After almost a hundred years, the Equal Rights Amendment, originally written by Penn alumna Alice Paul and Crystal Eastman following the success of the suffrage movement, may finally be ratified as an amendment to the United States Constitution, guaranteeing equal legal rights for all American citizens regardless of sex. Virginia would be the 38th state to approve the amendment and is in position to do so, with a Democratic majority and a 1971 state constitution that prohibits discrimination on the basis of sex. What this proposed amendment means—and whether or not it can still be ratified—is up for debate.
The Equal Rights Amendment itself is simple, with the main clause stating, “Equality of rights under the law shall not be denied or abridged by the United States or by any State on account of sex.” First introduced to Congress in 1923, the ERA has a long and beleaguered history.
Although the Amendment was defeated 38-35 in the U.S. Senate in 1946, the idea of having an equal rights amendment began to gain momentum during the progressive social movements of the 1960s, most notably the Civil Rights Act of 1964. U.S. Rep. Martha Griffiths reintroduced the proposed amendment in Congress in 1971, bringing the ERA back to the forefront. It was approved by the House of Representatives in 1971, the Senate in 1972, and 35 of the necessary 38 states by 1977.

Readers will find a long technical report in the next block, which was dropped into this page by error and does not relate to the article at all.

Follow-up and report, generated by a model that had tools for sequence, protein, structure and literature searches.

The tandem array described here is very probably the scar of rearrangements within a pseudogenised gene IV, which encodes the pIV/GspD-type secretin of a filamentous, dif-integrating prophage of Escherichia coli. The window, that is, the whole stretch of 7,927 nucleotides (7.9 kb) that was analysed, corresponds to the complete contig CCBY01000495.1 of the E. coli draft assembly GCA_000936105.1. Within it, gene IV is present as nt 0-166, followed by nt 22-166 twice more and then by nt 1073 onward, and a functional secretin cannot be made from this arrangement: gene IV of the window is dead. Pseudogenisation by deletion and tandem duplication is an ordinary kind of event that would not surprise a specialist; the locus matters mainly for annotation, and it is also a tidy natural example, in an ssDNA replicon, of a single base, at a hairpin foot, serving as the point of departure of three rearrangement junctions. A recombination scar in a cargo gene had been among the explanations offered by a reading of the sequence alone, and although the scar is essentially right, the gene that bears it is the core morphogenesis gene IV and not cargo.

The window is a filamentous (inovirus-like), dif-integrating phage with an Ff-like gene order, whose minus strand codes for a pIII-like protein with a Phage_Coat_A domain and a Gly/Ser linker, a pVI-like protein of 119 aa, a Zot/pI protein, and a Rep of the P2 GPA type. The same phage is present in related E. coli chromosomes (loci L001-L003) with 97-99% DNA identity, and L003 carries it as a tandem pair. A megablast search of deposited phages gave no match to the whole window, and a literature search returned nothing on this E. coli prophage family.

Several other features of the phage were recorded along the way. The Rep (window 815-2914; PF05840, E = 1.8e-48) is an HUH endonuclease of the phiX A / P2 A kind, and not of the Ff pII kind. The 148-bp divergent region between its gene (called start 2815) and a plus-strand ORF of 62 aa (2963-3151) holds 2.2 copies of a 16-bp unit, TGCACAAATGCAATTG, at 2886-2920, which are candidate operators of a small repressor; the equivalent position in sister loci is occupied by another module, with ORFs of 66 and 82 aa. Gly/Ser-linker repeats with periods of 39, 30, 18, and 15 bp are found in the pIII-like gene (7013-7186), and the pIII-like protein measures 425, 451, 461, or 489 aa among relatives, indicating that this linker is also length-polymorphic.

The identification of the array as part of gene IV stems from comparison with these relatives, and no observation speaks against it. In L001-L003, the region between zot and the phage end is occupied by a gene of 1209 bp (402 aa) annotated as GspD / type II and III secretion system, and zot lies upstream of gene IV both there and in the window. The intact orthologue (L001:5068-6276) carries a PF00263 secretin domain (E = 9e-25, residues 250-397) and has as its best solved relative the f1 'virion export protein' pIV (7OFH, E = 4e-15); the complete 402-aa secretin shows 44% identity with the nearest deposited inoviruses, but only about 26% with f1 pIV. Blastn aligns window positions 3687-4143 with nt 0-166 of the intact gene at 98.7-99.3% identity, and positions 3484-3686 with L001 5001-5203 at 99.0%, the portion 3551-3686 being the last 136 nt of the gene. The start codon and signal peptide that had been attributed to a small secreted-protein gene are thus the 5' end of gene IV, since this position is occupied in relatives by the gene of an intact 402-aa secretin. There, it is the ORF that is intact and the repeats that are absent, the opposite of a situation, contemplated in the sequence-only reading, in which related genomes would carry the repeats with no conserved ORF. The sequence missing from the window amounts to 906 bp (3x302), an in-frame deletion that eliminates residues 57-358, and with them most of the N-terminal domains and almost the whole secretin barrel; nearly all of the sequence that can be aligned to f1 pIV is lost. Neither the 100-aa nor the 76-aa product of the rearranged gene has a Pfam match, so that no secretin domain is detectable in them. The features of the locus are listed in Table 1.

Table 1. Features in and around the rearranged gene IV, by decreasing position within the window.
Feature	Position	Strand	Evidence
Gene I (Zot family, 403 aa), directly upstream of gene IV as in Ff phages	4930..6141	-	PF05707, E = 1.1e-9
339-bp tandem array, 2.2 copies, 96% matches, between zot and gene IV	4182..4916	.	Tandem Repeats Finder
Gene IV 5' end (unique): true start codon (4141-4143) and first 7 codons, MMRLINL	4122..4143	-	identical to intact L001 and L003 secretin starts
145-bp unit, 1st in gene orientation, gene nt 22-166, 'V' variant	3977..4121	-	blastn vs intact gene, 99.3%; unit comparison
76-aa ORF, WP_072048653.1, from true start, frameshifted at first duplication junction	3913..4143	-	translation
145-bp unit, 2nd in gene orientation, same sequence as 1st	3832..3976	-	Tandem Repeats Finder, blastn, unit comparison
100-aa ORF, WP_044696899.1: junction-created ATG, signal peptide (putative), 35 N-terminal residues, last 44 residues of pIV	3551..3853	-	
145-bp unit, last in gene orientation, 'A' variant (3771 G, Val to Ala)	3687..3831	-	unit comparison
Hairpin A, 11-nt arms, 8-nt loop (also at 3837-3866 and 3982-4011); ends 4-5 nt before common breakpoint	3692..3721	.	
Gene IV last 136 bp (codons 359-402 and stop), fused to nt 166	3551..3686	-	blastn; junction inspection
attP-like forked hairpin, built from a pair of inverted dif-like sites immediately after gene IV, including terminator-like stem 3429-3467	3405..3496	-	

Then support stalled in part by an effective anti-amendment campaign, notably led by the conservative crusader Phyllis Schlafly. Congress voted to extend the ratification deadline from 1979 to 1982. No additional states ratified the amendment during this period, while Idaho, Kentucky, Nebraska, Tennessee, and South Dakota revoked their ratifications.
Following the advent of fourth-wave feminism and the #MeToo movement, Nevada ratified the ERA in 2017, followed by Illinois in 2018. Virginia’s political leaders intend to put the ratification to vote in 2020. Three Penn experts discuss the feasibility and impact of the ratification: Kathleen M. Brown and Maria Murphy of the Alice Paul Center for Research on Gender, Sexuality, and Women, as well as legal historian Mary Frances Berry. The Center is named for Paul who received a Ph.D. from the University of Pennsylvania in 1912 and joined the National American Women’s Studies Association during her time here, beginning her activist work.
Mary Frances Berry is the Geraldine R. Segal Professor of American Social Thought and Professor of History in the School of Arts and Sciences at the University of Pennsylvania.
Kathleen M. Brown is the David Boies Professor of History and the director of the Alice Paul Center for Research on Gender, Sexuality & Women in the School of Arts and Sciences at the University of Pennsylvania.
Maria Murphy is the interim associate director of the Alice Paul Center for Research on Gender, Sexuality & Women in the School of Arts and Sciences at the University of Pennsylvania.